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An In-Depth Guide to Google Analytics 4

14 min read
Mar 21, 2023


Google is known for many things, but anyone who runs a website knows that it likes to make big changes in the name of customer satisfaction. Their algorithm updates in particular have caused marketers no short amount of stress. 

One of their biggest upcoming changes is not to their notorious algorithm, however, it’s to their Analytics platform. Google is sunsetting its current iteration of Analytics, Universal Analytics, in favour of Google Analytics 4. 

What does this mean for website owners? How will this affect you? And most importantly, how do you make the switch over to GA4? We’ve put together this guide to help make the transition as smooth and pain-free as possible. 

Table of contents 

What is GA4?

Before we go over how to migrate your data to Google’s new platform, we should go over what exactly it is and why you should care. 

Google Analytics 4, also known as GA4, is the latest version of Google's web analytics tool. It's designed to help website owners understand how people interact with their sites and apps, and use that information to improve their user experience and drive more conversions.

In simple terms, GA4 tracks and collects data about visitors to a website or app, and then presents that data in a variety of reports and visualizations that can be used to understand things like where visitors are coming from, what pages they're looking at, and how they're interacting with the site.

Some of the main features of GA4 include:

  1. Cross-device and cross-platform tracking: GA4 can track user activity across different devices and platforms, including web and mobile apps, so you can see how users are interacting with your brand across different touchpoints.
  2. Event-based tracking: GA4 tracks events, or specific actions that users take on your website or app, such as clicking a button or filling out a form. This allows you to see how users are interacting with your site and identify areas that need improvement.
  3. Machine Learning: GA4 includes machine learning capabilities that can help you understand user behaviour, identify patterns and find insights that would be difficult to detect manually.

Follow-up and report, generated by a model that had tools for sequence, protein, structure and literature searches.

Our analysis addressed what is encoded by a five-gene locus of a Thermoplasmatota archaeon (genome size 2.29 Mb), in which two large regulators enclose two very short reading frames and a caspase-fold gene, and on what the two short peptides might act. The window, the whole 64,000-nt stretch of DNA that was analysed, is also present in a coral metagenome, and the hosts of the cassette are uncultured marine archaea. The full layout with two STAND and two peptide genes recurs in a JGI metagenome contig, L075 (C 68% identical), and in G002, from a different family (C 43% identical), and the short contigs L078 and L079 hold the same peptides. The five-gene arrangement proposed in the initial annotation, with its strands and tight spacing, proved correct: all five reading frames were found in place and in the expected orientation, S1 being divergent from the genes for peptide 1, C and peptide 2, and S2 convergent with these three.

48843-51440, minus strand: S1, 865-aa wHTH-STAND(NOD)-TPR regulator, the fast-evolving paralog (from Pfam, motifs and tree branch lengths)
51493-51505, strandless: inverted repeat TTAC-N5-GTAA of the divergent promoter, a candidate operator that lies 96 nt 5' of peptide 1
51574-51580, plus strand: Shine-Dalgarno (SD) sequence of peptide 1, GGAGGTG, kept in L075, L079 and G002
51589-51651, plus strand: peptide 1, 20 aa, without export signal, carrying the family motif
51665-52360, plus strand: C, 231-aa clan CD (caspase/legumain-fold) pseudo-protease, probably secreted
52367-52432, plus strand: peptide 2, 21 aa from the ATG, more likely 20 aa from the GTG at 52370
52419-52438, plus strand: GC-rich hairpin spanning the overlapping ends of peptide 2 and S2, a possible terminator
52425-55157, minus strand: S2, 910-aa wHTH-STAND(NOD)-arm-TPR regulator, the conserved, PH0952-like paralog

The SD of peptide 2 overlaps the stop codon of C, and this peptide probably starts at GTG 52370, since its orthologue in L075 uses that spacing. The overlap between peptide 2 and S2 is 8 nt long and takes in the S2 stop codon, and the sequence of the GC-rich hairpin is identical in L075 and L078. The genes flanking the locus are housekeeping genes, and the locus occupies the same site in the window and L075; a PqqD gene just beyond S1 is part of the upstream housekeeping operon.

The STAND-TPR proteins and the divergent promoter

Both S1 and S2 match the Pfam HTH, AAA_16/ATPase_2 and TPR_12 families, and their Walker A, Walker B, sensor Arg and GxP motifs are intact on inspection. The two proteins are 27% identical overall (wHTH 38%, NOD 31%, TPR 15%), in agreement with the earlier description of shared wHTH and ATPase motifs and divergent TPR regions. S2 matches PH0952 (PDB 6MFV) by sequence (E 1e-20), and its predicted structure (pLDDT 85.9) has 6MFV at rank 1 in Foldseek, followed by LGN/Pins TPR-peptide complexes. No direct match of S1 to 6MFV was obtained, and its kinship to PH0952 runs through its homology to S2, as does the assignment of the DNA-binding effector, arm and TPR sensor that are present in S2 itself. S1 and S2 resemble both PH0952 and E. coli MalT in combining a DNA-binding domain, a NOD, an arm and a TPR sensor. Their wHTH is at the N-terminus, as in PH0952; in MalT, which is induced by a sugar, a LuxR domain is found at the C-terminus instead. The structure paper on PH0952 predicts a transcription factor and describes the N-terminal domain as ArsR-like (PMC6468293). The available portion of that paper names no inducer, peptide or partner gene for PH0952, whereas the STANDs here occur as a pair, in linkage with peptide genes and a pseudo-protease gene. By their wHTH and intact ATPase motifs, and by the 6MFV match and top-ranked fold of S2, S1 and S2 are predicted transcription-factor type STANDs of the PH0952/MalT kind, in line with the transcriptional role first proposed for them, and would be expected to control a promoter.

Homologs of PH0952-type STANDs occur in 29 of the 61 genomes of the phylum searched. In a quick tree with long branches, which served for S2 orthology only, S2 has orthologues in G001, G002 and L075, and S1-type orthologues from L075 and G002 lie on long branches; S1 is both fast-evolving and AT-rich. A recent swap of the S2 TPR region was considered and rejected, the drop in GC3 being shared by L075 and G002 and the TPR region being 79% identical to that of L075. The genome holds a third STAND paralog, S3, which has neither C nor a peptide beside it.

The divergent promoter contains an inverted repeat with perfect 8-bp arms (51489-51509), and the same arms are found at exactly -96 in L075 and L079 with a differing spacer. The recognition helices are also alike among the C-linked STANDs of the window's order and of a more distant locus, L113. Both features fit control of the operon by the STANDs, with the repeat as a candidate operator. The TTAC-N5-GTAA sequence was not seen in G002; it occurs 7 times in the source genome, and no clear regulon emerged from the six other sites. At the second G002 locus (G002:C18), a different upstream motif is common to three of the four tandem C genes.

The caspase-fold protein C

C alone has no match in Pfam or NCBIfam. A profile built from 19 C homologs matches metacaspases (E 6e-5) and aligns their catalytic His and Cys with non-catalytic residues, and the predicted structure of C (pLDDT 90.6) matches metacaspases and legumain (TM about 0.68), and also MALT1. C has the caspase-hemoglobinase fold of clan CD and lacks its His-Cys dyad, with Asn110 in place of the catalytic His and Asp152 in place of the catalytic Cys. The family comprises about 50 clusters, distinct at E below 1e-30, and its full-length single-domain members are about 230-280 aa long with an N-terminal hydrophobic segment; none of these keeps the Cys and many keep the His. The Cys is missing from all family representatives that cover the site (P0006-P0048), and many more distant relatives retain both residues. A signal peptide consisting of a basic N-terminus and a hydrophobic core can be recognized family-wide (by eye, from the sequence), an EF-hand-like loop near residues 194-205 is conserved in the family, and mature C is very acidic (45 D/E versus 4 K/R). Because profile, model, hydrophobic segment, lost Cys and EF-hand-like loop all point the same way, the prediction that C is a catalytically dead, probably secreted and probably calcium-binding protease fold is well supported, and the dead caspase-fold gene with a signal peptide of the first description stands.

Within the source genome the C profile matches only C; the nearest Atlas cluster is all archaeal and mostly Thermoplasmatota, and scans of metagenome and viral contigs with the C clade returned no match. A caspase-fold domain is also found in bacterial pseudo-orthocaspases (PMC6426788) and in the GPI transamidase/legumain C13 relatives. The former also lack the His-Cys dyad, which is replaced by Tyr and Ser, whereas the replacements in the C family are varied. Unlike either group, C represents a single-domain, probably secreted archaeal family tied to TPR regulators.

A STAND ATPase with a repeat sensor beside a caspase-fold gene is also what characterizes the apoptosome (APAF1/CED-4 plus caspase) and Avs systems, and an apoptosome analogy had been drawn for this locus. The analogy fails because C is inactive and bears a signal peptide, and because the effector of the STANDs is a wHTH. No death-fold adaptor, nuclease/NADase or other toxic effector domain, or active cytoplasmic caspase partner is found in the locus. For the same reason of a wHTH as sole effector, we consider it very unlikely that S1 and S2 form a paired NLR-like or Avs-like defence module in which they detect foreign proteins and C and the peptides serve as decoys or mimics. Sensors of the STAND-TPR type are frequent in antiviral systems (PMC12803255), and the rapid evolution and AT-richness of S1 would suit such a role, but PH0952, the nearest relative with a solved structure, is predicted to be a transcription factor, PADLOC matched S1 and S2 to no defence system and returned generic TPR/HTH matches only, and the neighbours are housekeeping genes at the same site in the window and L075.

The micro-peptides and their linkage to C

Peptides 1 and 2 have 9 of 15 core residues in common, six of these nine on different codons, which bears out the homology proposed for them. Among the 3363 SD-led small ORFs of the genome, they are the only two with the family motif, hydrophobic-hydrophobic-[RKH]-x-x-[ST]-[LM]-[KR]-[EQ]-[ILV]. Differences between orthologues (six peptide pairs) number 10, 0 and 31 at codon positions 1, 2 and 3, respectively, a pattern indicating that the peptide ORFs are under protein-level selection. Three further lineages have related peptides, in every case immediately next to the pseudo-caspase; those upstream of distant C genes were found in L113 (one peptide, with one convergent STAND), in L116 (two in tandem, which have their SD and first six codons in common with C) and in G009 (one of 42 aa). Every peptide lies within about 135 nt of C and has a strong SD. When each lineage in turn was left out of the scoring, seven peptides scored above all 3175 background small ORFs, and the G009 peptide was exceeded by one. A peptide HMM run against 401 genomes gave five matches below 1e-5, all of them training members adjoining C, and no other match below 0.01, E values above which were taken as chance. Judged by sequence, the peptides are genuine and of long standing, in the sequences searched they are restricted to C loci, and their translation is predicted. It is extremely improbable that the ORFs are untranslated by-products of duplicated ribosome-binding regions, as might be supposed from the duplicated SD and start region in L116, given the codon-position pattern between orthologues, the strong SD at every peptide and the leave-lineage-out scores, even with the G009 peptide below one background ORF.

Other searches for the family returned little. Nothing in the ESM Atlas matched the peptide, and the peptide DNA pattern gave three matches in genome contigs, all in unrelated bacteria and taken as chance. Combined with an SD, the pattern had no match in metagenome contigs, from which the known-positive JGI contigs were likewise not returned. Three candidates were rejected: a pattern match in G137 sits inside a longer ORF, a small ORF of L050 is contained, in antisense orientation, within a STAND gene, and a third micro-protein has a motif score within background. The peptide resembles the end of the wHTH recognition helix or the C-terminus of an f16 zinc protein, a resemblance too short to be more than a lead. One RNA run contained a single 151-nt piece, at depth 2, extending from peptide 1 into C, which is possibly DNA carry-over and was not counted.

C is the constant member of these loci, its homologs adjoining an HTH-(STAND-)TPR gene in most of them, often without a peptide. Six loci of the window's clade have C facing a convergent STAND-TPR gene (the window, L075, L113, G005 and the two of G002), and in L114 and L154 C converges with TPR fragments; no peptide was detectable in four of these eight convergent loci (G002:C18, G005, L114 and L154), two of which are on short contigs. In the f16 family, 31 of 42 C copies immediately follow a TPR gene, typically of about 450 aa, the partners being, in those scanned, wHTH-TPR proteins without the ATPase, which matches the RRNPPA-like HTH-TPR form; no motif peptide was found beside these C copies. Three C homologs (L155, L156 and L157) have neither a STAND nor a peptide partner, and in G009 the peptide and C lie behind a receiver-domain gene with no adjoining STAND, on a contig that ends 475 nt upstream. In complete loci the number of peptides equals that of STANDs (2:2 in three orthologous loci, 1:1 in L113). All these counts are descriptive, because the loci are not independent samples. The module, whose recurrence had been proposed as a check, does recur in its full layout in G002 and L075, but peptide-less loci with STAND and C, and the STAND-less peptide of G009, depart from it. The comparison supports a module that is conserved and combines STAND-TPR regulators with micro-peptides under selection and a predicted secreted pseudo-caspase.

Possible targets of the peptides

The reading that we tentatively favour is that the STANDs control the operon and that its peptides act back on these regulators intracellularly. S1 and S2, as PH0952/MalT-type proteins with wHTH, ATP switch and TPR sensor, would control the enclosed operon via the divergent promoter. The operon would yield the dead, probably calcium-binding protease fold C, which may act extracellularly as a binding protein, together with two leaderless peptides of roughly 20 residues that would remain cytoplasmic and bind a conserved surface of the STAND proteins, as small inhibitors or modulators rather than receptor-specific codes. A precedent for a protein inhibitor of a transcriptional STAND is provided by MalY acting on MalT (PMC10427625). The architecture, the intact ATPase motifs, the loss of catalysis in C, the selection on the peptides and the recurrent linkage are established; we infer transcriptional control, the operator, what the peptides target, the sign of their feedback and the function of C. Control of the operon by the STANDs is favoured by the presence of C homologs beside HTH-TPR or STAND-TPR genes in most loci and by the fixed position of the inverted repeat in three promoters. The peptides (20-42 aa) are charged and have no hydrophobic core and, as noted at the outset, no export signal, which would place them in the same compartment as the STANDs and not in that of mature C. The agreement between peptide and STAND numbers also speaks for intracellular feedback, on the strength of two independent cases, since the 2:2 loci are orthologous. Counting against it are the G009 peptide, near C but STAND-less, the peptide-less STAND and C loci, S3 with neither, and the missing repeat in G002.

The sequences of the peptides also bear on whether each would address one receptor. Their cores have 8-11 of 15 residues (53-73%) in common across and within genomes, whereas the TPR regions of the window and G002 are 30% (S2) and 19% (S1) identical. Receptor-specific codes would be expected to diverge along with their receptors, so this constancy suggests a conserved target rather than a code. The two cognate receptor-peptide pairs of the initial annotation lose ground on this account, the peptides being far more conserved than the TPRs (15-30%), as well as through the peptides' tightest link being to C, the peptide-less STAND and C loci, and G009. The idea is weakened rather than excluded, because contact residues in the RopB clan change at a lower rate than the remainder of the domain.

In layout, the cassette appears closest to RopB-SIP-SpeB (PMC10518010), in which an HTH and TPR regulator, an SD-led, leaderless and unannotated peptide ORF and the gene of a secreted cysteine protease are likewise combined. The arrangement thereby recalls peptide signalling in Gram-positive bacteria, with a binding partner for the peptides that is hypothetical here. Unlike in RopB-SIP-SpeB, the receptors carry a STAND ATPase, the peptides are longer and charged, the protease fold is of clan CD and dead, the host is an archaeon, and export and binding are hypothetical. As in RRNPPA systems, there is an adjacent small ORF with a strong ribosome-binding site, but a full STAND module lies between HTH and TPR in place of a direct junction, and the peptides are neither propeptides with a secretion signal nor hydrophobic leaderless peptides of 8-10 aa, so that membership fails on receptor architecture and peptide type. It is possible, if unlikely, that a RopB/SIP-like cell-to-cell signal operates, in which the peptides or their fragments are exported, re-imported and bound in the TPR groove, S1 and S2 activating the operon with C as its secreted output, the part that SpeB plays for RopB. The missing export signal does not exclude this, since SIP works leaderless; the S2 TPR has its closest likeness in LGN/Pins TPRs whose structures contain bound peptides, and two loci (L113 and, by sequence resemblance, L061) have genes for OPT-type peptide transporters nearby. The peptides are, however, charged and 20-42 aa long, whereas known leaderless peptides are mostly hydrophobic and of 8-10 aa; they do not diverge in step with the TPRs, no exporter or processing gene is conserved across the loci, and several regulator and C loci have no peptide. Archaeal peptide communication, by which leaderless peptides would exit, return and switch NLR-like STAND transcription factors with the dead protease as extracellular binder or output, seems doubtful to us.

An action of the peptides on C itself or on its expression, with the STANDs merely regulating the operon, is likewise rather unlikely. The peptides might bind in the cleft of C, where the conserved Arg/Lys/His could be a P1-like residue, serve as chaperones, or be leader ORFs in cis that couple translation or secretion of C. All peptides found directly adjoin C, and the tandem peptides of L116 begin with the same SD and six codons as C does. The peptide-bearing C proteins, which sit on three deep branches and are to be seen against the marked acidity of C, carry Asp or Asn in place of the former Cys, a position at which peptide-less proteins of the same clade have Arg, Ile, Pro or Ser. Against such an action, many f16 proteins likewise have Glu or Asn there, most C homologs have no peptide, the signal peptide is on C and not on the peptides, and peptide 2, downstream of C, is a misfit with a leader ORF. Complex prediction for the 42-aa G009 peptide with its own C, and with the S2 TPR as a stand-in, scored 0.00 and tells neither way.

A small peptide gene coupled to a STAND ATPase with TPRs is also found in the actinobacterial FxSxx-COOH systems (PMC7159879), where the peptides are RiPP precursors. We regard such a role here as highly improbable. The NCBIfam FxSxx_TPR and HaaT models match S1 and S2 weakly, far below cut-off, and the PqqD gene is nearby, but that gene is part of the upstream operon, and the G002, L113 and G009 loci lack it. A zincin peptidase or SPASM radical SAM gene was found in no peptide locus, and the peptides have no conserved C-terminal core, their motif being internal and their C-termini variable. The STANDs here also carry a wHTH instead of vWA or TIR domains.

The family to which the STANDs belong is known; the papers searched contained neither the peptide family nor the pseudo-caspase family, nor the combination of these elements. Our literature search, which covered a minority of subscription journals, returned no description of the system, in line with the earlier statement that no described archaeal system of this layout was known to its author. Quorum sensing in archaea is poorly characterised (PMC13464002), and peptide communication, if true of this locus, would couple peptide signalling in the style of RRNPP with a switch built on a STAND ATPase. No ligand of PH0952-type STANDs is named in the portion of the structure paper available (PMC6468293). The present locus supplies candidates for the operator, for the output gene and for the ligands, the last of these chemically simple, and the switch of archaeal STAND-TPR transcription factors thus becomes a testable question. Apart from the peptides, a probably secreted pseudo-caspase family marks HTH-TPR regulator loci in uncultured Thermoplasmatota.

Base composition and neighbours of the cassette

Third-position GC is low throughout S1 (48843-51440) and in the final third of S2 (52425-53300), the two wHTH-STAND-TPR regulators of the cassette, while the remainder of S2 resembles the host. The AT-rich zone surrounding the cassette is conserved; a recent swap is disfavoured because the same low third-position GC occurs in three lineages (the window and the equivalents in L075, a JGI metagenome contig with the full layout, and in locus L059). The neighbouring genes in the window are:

4. Integration with other tools: GA4 can be integrated with other Google tools, such as Google Ads, Google BigQuery and Google Cloud Storage, allowing you to see how your advertising campaigns and other initiatives are impacting your website's performance.

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The differences between GA4 and Universal Analytics

GA4 becomes Google Analytics’ only option in July 2023, when it replaces the current version of GA known as Universal Analytics (UA). We’ll go through GA4 features and metrics in depth below, but it is helpful to know what the differences are between the two platforms and why Google is making such an enormous change. 

Data Model

One key difference is that GA4 uses a different data model than UA. The current model of analytics is based on user sessions (hits on a website within a certain timeframe) and pageviews. This model is almost 15 years old and relies on older data collection methods like cookies. Under these parameters, an individual user viewing a site on different devices is technically counted as multiple users. 

GA4, on the other hand, bases their performance measurement on events and parameters. What does that mean? Well, all the different hit types we’re used to in UA - including page views, social interactions, and even transactional information - are counted as an event in GA4, and then each of these events will contain parameters (rather than labels and categories). Google claims this method will be more customer-centric, measuring user interaction and deduplicating the data for your users across their different devices and apps.


google analytics 4 blog


Advanced analysis

This new data model means that GA4 is capable of more advanced analysis than UA. Currently, UA allows you to create custom reports using secondary dimensions to provide a decent level of insight.

GA4 takes it further with Exploration reports. The best way to acquaint yourself with the elements of Exploration is to go directly to GA4, but they include different dimensions, segments, and metrics that you can add to customise your reports. 

This also means that GA4 is customisable - much more so than UA, largely because of its data model, which we’ve already discussed, and its reporting interface.

Reporting interface

With the advanced analytics capabilities comes an improved reporting interface that is meant to provide a more intuitive and user-friendly way to access and analyze data. Most of the reports you’re used to in UA have either been renamed or replaced.

Some of the new reports available in GA4 include:

  1. Conversion Probability: GA4 uses machine learning to predict the likelihood that a user will convert, based on their behaviour on your site.
  2. Customer Lifetime Value: GA4 provides insights into the estimated value a customer brings to your business over the course of their relationship.
  3. Cross-device and cross-platform reports: GA4 provides a more integrated approach to cross-device and cross-platform measurement, allowing you to see how users interact with your business across multiple devices and platforms.